Thomas Warton (9 January, 1728 – 21 may, 1790) was an English poet, critic and historian.
- Mr. Warton’s father was also a poet, and also named Thomas Warton. To distinguish the two, he is sometimes referred to as Thomas Warton the Younger.
- At the age of nine, Mr. Warton translated an epigram by Martial (a Roman writer).
- Mr. Warton wrote his famous work, The Pleasures of Melancholy, at 17.
- In 1747 and 1748 Mr. Warton was selected as poet laureate of Oxford, his alma mater.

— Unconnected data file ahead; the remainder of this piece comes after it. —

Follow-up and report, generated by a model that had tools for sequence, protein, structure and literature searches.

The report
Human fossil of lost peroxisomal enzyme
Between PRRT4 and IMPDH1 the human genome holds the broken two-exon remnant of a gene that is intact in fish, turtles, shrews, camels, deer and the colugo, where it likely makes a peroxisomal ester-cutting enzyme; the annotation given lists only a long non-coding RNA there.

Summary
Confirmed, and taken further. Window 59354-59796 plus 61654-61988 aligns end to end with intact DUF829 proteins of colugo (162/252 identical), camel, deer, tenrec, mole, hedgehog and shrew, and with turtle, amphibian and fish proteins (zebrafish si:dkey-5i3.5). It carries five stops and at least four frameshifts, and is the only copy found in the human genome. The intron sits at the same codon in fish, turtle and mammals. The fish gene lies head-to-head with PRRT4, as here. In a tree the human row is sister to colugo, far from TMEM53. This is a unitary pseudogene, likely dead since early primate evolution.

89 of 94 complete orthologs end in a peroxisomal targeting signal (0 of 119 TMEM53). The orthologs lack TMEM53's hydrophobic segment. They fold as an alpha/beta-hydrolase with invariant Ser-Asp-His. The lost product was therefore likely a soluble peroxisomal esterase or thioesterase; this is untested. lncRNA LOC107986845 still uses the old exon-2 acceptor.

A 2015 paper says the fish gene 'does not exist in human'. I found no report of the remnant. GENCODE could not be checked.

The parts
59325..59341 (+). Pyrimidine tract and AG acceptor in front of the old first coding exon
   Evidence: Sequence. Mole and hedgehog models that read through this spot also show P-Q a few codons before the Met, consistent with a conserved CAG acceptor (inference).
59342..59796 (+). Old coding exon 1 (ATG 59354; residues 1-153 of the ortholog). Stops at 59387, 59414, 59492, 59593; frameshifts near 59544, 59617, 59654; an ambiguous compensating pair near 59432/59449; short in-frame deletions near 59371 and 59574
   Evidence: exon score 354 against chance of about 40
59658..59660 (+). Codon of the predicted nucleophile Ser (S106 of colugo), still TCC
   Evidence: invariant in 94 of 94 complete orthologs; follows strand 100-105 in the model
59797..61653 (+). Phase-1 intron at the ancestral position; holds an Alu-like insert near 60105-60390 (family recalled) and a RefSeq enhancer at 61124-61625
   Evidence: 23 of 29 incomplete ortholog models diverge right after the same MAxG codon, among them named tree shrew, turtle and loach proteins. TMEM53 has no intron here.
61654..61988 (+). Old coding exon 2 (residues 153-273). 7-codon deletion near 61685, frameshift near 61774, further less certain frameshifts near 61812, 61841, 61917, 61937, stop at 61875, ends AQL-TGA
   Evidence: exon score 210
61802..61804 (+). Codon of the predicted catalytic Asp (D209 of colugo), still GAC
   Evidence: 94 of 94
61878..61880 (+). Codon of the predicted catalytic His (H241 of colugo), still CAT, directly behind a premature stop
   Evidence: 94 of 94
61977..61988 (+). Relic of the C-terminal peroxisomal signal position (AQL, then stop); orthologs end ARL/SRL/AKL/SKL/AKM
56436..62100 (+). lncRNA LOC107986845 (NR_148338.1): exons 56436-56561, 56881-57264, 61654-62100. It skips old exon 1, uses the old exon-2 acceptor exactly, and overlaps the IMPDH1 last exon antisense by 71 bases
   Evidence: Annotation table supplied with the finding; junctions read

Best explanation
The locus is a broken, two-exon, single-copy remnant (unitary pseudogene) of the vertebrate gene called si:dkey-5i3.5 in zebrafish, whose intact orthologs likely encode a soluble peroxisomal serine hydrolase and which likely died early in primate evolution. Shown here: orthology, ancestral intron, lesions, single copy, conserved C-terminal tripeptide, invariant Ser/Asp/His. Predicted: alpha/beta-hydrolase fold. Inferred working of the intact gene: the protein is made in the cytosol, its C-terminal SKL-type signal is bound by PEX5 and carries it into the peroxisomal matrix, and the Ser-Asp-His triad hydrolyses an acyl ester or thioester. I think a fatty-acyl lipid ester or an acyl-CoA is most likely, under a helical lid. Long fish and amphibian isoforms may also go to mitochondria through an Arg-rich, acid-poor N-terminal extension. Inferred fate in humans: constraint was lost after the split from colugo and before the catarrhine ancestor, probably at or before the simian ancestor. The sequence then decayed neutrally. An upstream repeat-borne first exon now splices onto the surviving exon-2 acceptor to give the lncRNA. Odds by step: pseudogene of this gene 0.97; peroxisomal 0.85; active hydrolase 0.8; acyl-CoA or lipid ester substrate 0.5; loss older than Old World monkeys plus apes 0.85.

- In 1757 Mr. Warton became a professor of poetry at Oxford, a position he held for 10 years.
- In 1785 he was appointed to be the Camden Professorship of Ancient History in Oxford as well as keeping his post as poet laureate.
- Mr. Warton had a friendly rivalry with poet Samuel Johnson, also an Oxford alumni (though a controversial one).
- One of Mr. Warton’s important contributions was to argue that Sir Thopas, by Chaucer, was a parody.
- The first major academic work by Mr. Waerton was Faerie Queene of Spenser (1754), but he is known for the 3 volume The History of English Poetry
- Mr. Warton liked light and humorous poems.
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